The unemployment rate dropped to 7.0% (from 7.3%) while the U.S. economy added 203,000 jobs in November. In addition, the labor force participation rate rose to 63.0% (from 62.8%). These numbers were stronger than expected.
Nonetheless, the U.S. labor market remains below its pre-recession employment numbers.
Calculated Risk posts a monthly chart that puts the current jobs recovery into perspective. It is often referred to as the "Scariest Chart Ever". It shows the job losses from the start of the employment recession, in percentage terms, compared to previous post WWII recessions.
This chart shows the depth of the recent employment recession — worse than any other post-war recession — and the relatively slow recovery due to the lingering effects of the housing bust and financial crisis.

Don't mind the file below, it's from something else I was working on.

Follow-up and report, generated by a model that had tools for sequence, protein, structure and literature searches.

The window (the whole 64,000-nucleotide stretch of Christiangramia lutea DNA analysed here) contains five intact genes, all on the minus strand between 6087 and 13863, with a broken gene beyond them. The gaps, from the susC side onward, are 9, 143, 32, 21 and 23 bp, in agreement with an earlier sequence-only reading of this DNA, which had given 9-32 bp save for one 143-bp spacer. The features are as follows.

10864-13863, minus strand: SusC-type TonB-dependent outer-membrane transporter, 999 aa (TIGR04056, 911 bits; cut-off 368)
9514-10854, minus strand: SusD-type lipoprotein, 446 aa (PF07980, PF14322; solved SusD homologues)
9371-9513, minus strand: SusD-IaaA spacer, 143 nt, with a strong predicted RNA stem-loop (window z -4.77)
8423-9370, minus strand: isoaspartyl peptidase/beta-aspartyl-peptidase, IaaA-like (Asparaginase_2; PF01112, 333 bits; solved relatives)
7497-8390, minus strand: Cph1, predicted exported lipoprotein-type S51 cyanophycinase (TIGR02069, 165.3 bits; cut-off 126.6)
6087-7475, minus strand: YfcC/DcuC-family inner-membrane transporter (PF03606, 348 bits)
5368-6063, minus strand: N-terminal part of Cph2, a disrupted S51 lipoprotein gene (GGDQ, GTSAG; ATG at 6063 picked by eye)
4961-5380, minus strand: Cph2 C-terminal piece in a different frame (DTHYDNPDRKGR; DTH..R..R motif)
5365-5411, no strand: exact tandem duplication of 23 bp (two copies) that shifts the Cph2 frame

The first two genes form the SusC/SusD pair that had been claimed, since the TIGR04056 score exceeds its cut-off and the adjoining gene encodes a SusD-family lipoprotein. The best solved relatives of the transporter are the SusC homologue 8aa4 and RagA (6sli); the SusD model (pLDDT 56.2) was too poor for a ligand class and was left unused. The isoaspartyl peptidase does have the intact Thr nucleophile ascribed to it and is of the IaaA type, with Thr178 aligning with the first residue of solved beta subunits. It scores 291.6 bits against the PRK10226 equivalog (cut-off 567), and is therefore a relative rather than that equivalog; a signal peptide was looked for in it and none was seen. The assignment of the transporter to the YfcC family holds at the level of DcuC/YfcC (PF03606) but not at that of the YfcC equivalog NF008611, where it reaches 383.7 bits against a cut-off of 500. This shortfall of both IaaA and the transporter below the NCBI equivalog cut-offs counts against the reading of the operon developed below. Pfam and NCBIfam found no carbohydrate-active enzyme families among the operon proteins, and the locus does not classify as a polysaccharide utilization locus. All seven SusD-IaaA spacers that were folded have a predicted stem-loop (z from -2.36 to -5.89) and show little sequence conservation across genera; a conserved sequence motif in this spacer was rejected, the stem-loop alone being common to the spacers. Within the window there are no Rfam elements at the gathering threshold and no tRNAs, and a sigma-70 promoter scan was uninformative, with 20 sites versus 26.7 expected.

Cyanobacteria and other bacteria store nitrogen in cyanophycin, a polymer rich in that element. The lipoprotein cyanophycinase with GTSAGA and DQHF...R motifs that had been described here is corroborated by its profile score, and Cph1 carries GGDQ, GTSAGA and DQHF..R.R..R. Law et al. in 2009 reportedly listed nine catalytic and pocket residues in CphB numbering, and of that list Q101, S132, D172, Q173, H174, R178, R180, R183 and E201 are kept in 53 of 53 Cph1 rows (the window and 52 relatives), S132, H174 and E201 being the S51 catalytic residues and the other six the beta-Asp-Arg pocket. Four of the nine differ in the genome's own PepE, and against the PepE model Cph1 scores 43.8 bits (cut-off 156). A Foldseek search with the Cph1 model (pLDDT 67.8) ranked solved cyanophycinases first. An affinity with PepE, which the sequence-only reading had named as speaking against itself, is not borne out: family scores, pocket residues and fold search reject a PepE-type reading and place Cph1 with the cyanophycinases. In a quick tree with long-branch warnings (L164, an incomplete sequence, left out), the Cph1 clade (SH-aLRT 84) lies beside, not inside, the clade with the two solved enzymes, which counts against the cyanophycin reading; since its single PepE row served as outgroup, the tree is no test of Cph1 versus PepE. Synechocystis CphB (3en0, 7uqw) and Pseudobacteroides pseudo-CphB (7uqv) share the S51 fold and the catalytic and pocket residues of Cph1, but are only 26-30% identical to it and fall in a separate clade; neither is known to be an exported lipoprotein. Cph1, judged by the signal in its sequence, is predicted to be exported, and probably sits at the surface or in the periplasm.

If things continue as they have been, it appears payrolls will exceed the pre-recession peak in mid-2014.
Currently, there are about 1.3 million fewer payroll jobs than before the recession started; and at the recent pace of job growth it will take about 7 months to reach the previous peak.
Given the circumstances, I think the chart shows we've made good progress. Talk about Qualitative Easing, coordinated actions by global Central Banks ... or a pretty visible 'unseen hand' all you want ... but the Economy and Market seem to have adapted well to change.